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continued [url]http://www.kurtsaxon.com/foods001.htm[/url] Makes a pretty good argument that starving to death is a choice or due to ignorance in most instances.
Link Posted: 5/28/2002 5:24:31 PM EDT
jz02 wrote:
but why would you oppose it given your personal experiences?
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Because I know people that are willing to work more than 40 hours per week, but their employer can't afford to (or the job isn't worth) pay them minimum wage * 1.5. Also, I know of several jobs that just aren't worth minimum wage. I pay for several of those here at work on a job basis (contract). The people doing them are happy to get the work. If they weren't, they wouldn't do it in the first place. When I worked for a local textile company, there were many jobs we just couldn't justify paying someone so much per hour to do even though we knew many people that would be will to work for less. Most of these jobs were things that could be done at any time such as, for example, janitorial work, going through scrap to recycle, or painting, so they would appeal to someone. CITADELGRAD87 wrote:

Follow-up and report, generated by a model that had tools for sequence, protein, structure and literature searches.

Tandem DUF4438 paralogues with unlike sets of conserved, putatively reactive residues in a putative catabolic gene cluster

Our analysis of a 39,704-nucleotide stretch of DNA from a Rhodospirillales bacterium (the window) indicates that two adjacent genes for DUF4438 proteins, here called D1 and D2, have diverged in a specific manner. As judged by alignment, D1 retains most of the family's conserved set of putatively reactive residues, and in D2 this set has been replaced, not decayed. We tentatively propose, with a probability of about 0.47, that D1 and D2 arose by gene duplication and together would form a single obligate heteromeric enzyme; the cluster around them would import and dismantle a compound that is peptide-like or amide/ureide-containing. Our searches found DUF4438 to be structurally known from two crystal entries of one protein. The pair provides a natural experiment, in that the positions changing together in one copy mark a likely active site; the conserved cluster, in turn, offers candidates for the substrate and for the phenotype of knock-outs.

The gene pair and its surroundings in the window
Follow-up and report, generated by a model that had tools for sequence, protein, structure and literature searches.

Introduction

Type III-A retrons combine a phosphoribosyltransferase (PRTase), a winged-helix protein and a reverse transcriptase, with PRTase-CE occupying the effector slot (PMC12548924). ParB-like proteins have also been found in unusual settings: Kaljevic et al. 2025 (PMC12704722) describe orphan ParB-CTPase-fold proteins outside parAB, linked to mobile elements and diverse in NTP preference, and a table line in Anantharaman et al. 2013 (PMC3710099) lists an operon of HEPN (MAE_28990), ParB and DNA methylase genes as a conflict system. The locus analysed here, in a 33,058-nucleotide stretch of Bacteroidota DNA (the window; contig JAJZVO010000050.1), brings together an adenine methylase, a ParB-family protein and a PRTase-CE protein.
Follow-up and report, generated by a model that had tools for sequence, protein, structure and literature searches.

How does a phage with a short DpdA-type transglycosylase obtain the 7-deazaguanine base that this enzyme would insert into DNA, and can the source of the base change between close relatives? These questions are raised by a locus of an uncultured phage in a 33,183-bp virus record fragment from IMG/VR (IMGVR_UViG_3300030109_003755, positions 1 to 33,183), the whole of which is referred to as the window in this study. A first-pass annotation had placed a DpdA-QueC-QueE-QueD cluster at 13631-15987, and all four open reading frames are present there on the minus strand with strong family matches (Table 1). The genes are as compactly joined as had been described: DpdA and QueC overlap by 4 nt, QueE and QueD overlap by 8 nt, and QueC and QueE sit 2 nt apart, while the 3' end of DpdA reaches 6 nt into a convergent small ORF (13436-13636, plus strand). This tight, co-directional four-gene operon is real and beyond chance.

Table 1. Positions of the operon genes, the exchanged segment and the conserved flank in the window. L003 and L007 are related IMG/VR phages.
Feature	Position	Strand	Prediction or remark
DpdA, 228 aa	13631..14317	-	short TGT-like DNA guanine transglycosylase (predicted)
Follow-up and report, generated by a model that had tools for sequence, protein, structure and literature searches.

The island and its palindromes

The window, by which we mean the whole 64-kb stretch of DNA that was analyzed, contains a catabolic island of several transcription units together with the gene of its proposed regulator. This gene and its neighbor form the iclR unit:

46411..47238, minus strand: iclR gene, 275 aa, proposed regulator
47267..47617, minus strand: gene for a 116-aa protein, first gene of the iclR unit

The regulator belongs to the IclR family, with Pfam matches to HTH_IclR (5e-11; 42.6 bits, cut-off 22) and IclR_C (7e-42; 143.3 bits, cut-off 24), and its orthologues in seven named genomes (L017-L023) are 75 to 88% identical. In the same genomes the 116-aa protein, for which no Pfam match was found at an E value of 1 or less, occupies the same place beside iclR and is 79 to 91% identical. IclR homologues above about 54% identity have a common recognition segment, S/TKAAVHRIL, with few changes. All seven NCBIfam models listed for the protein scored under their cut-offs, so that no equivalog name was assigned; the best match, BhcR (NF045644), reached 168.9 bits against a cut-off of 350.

HOW IS THAT MY PROBLEM?!?!?!...FAMILY PLANNING, meaning, PLAN before they have kids they can't afford, OK?
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When did I say it was your problem to help pay them? I even argued against raising the minimum wage (and indirectly your cost of living). You were critical of someone trying to raise a family on minimum wage. What's a family, without any prospects of being able to find better jobs, to do? Are you going to tell them they just can't have kids? That was what I was negative about. That is what I meant by liberal: government control of who can have kids and when. In other words, a "you must have this much income to have 2 kids" requirement.z